If you own PG&E Corp (PCG), it is time to sell and move on. Utility investments shwiould not carry the risk state officials could force bankruptcy on its shareholders, but it is a situation that PCG finds itself in - again. PCG may be forced to file for bankruptcy for the second time in 12 years due to actions within its regulatory environment.
PCG is California's largest regulated utility company. PG&E experienced a gas pipeline explosion in 2010 that killed eight people in San Bruno, CA. Since the explosion, PCG has spent or is anticipating spending $2.2 billion in upgrades to its pipeline system. The California Public Utility Commission has now proposed an additional penalty of $2.25 billion on the company.
As not to affect its creditworthiness, supporters of the penalty are suggesting the company just raises additional capital by selling more stock. At a 13% discount to its current market price, which may be required to generate interest, the company would need to sell an additional 63 million shares. This would equate to a 13% dilution and increase annual dividend payment liabilities by over $110 million if the $1.82 dividend remains unchanged. The penalty would not be recoverable through rate increases and the $2.25 billion would not be included in PCG's regulated asset base.
The company has suggested it may be preferable to file for bankruptcy than to accept the structural changes this financial penalty would impose. According to the company, the proposal penalty is more than four times the company's net income in 2012 and is 15 years' worth of earnings for the gas utility business. The company has agreed to a similar penalty, but capital expenditures to update and upgrade its pipeline network would be credited against the settlement.
However, not everyone is impressed with the company's reaction to the penalty. According to an article in Bloomberg, Mindy Spatt, a representative for the Utility Reform Network, a customer advocacy group based in San Francisco, said,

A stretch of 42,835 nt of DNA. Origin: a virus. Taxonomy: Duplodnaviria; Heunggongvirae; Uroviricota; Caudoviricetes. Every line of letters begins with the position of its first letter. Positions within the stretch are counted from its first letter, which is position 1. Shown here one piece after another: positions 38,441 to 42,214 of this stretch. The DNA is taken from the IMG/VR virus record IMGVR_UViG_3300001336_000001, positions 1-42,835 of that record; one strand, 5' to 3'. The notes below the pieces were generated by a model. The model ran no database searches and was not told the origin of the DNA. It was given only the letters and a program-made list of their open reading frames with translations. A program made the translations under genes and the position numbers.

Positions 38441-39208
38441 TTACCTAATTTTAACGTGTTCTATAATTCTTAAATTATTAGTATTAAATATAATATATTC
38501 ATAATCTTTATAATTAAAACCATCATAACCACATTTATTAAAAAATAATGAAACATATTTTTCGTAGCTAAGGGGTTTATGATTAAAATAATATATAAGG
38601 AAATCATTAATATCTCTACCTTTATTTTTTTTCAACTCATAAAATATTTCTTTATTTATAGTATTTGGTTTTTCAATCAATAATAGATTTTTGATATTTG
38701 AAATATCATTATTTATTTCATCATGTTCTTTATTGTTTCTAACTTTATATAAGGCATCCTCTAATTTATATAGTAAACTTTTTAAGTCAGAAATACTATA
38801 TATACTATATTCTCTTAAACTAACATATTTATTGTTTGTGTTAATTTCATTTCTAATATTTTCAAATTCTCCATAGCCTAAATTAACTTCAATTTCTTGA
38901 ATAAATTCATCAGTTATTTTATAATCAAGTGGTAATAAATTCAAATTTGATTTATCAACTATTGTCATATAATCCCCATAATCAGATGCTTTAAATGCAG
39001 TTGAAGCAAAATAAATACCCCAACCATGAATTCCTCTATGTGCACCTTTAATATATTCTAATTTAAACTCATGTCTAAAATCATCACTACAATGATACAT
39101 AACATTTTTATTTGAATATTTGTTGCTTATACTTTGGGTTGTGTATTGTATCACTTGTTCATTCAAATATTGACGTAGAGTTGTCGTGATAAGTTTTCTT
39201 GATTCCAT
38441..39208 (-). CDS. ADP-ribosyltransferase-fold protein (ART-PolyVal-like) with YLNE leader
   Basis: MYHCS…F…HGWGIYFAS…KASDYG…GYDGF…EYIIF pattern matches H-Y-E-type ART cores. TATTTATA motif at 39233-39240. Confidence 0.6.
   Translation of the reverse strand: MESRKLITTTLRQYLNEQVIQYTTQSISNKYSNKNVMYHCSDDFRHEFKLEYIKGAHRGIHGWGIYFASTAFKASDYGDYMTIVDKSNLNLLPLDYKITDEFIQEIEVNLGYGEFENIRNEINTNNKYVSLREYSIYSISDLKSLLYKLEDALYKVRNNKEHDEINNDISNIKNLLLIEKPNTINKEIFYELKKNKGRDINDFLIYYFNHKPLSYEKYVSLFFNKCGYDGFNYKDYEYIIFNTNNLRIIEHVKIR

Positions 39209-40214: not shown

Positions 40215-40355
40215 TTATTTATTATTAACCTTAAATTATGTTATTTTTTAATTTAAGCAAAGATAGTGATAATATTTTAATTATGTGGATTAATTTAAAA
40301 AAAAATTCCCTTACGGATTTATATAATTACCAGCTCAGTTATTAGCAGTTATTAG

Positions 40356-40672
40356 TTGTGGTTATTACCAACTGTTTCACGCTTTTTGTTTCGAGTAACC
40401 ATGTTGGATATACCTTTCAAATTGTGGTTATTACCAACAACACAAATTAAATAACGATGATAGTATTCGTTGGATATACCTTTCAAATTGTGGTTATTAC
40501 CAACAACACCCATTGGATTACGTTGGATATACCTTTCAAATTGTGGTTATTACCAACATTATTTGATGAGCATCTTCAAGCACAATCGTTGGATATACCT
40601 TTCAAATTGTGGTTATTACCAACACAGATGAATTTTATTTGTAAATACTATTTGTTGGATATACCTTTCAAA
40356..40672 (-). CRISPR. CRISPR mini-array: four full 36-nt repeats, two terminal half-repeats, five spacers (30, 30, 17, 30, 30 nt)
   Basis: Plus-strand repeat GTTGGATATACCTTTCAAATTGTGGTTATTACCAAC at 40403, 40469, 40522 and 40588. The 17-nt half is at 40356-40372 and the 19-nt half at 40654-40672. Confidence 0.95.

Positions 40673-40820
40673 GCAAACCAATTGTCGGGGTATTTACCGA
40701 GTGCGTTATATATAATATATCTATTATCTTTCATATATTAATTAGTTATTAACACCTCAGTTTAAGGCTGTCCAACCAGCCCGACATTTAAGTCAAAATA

"Penalties should hurt a little. PG&E seems to think penalties should not hurt at all. They're just whining."
Just whining? Resisting the imposition of a penalty that would structurally change the finances of the company is just whining?
Both Moody's and Standard & Poor's have announced they will put California's regulatory environment under review if the penalty is imposed. S&P ranks California as "More Credit Supportive" when evaluating the regulatory environment for regulated utilities. This is the second highest category (there is no state in the highest "Most Credit Supportive" category) and includes only eight states. A map of S&P US Utility Regulatory Environment Assessment is below:
If these credit agencies downgrade the regulatory environment in California, it will affect the creditworthiness, and potentially credit rating, of all California utilities, PCG included. If the credit agencies downgrade utility credit ratings due to a perceived growing unfriendly regulatory environment, operating costs will most likely increase due to higher interest payments that accompany downgrades.
In late March, I wrote an SA article titled "Is It Time to Tiptoe Back into California Regulated Utilities?" In that article, I suggested maybe the regulatory environment had vastly improved since the 2001 Electricity Financial Crisis that was aggravated by rulings from the PUC. However, I would now offer extreme caution to all current investors in CA utilities and would humbly suggest other non-California utilities to potential PCG investors.
Investors look to electric and gas regulated utilities for stability and growth of earnings and dividends. Long-term stability is largely based on achieving an adequate return on a growing base of regulated assets. If the CA PUC imposes its punitive penalty, achieving an adequate return will become more difficult for PCG shareholders.
The final ruling for PCG is in the hands of two Administrative Law Judges who will offer their opinion to the 5-member PUC board. The PUC is expected to impose its final ruling by year's end. I personally prefer to have the future of my stock selections rest more in the hands of capable business managers than those of PUC board members.
California is ranked 15th in power generation from wind as a percentage of total power generation. According to the Wind energy Association, about 4.9% of total power generated in CA is from wind farms. Over the next few years, CA electric utilities will be subjected to bigger problems caused by the disruptive nature of the current regulated wind power programs. Adding further regulatory uncertainty in the form of punitive penalties of PCG's magnitude may tip the scales further away from shareholder interests.
Investors should go to the sidelines and watch how this plays out. Additional investments in PCG over the next six months could be a risky affair that is not rewarded by either higher share prices or larger dividends.
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